Over the last few years, there has been a surge of research to understand Ebola and develop medicines to stop it. And now researchers at Vanderbilt and the University of Texas have isolated antibodies from Ebola survivors which they say can neutralize multiple species of the virus.
The ebolavirus has claimed the lives of more than 11,000 people in West Africa in the past two years and although some countries are marking the end of the recent Ebola epidemic--the World Health Organization (WHO) also warns about the potential reemergence of the virus in 2016.
The new research work was published in the journal Cell, led by James Crowe on the Vanderbilt side while Alexander Bukreyev headed up the University of Texas team.
Monoclonal antibodies are the product of a clone from a type of white blood cell, scaled quickly by fusing it to a cancer cell to grow it in relevant amounts for clinical use. The researchers isolated these from Ebola patients that have resisted the virus.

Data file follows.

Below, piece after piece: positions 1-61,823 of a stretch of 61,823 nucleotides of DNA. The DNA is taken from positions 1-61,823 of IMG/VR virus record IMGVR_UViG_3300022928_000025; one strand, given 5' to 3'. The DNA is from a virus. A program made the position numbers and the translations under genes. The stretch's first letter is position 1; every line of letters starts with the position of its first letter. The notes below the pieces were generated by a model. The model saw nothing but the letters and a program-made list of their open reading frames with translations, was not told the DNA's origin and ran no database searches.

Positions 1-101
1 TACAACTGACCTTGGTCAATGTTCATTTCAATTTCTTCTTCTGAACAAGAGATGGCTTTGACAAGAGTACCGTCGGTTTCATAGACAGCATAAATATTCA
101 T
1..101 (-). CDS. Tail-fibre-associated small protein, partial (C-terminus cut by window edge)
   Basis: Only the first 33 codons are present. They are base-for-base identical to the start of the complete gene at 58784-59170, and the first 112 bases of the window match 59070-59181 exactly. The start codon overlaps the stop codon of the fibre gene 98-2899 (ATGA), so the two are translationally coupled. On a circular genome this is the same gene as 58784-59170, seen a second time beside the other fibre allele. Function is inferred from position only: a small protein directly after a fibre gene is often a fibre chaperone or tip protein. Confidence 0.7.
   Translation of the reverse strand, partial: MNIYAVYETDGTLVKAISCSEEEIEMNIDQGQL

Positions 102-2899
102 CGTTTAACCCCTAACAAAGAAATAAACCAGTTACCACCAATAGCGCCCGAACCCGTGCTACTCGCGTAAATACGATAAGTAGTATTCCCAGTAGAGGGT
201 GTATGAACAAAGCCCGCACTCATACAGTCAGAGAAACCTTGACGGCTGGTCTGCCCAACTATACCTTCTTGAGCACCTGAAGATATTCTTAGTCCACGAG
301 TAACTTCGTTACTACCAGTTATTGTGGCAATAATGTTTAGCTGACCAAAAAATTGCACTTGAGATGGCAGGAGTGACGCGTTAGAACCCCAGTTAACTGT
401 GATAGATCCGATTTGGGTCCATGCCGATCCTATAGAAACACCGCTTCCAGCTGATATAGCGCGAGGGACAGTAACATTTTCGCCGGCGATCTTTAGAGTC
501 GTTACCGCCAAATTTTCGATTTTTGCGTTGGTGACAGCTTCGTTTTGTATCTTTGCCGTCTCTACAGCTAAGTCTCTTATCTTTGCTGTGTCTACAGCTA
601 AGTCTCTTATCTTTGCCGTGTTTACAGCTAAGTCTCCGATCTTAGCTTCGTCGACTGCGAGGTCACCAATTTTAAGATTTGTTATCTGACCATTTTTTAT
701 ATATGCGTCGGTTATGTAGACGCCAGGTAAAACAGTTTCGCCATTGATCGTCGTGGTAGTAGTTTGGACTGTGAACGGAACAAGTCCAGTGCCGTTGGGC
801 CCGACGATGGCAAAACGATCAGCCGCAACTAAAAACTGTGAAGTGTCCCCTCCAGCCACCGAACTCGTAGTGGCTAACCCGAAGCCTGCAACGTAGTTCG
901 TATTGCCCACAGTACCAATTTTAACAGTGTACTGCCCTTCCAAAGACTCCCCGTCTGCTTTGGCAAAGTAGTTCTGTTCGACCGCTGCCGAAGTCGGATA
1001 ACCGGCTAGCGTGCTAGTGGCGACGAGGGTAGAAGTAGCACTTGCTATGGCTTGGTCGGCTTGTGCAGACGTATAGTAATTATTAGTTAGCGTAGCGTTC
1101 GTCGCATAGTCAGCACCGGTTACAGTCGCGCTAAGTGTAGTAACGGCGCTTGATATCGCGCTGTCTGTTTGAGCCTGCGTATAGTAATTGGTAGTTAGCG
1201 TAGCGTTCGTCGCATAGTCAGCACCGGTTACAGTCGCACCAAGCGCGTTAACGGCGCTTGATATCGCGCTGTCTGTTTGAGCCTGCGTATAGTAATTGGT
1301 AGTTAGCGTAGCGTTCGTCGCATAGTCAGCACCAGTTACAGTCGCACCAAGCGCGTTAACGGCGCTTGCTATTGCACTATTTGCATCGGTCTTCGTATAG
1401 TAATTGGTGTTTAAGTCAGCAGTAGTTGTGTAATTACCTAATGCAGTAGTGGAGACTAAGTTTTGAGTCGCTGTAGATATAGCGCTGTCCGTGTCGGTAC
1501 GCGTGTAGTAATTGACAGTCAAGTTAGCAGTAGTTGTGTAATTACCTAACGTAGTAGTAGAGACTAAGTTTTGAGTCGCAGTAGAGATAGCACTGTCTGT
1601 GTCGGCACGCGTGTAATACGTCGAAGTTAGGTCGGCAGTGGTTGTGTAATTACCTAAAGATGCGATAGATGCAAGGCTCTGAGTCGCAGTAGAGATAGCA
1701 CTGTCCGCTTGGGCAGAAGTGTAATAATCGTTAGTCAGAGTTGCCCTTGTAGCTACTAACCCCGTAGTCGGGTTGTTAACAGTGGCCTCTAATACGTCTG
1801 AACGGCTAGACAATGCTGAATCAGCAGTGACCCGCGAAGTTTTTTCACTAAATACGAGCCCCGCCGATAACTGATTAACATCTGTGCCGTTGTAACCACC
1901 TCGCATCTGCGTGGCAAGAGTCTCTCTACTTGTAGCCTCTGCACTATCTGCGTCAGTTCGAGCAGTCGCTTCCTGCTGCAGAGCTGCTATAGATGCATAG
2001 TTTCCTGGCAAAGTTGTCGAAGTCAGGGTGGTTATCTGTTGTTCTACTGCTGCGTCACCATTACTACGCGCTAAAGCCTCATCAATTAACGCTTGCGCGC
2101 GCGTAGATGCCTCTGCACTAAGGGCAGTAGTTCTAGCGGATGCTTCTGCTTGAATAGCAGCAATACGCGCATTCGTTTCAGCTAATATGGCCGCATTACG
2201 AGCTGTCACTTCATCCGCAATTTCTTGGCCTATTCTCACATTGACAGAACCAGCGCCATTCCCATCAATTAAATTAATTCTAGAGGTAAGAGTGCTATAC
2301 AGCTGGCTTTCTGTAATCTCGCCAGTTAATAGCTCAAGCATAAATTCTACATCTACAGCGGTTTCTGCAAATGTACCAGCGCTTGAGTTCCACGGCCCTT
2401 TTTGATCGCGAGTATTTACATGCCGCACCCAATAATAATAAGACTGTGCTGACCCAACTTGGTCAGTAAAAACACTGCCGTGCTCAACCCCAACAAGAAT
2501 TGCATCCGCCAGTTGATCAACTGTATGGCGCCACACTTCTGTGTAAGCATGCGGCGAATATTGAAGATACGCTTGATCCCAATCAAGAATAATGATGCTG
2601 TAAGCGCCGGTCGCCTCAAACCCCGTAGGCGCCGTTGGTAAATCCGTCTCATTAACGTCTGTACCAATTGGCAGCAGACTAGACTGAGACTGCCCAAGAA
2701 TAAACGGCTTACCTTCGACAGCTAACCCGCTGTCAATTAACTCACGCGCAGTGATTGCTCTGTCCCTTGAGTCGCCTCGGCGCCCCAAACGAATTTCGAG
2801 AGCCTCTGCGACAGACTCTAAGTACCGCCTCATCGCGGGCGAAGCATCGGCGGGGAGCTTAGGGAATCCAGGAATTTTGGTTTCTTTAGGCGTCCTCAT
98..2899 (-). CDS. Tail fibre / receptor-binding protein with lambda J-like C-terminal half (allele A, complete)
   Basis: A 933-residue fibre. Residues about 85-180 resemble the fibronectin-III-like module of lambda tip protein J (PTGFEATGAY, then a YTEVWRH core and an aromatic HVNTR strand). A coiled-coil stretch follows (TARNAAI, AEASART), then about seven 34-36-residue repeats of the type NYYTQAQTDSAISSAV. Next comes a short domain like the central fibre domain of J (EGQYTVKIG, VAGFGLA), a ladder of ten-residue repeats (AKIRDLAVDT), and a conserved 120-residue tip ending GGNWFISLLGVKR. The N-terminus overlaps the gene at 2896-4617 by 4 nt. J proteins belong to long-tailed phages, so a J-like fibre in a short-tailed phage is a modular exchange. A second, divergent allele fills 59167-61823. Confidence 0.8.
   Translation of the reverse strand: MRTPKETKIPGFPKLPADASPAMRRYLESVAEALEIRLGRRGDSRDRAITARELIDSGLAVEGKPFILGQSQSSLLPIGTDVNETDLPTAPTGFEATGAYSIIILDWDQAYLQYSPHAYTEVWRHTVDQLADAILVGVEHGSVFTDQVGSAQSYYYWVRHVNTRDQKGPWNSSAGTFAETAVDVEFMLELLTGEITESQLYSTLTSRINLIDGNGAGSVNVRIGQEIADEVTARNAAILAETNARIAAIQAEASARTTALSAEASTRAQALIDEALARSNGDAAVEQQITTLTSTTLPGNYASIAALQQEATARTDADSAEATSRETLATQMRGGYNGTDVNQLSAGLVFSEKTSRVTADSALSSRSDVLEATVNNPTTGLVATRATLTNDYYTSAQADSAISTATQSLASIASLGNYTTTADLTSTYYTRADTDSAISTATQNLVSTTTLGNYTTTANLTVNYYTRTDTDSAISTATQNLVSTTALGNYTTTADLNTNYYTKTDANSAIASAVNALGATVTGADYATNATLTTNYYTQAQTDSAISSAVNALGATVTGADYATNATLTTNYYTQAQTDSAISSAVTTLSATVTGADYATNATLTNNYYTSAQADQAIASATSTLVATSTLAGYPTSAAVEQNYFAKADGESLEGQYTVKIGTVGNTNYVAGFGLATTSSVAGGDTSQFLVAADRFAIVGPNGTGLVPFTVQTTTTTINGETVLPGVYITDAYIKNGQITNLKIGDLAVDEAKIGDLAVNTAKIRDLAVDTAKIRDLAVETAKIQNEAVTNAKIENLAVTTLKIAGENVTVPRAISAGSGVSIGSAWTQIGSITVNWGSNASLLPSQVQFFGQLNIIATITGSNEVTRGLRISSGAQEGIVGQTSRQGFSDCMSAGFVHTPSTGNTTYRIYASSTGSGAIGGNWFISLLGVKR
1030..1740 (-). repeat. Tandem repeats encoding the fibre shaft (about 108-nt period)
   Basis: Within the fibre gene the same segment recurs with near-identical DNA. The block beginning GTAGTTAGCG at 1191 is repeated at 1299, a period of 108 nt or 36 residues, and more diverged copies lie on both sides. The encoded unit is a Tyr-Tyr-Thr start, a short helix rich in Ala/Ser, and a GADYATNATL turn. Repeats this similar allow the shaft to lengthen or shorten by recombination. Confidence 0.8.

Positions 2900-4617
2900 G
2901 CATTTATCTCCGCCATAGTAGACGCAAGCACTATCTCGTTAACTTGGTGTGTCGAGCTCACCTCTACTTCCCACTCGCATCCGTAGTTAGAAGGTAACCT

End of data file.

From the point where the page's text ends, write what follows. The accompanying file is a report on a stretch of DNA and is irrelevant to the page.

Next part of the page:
"In this study, a remarkably diverse array of virus-specific antibodies was isolated, which appeared to bind to various parts of the envelope protein of the virus," said Bukreyev.
Using these monoclonal antibodies may prove an effective way to provide short-term protection to healthcare workers and those that are at risk of being exposed to the virus. They may also be used as antiviral drugs to treat patients who are already infected with the ebolavirus.
Commenting on previous research which has developed and re-engineered mouse antibodies which has limitations, Crowe said: "This work points the way to using fully human antibodies as the next generation of antibody therapeutics
"From the human antibody work … and the vaccine work that's being done, it's clear we can find a protective strategy for Ebola," he said. "That's a big step forward."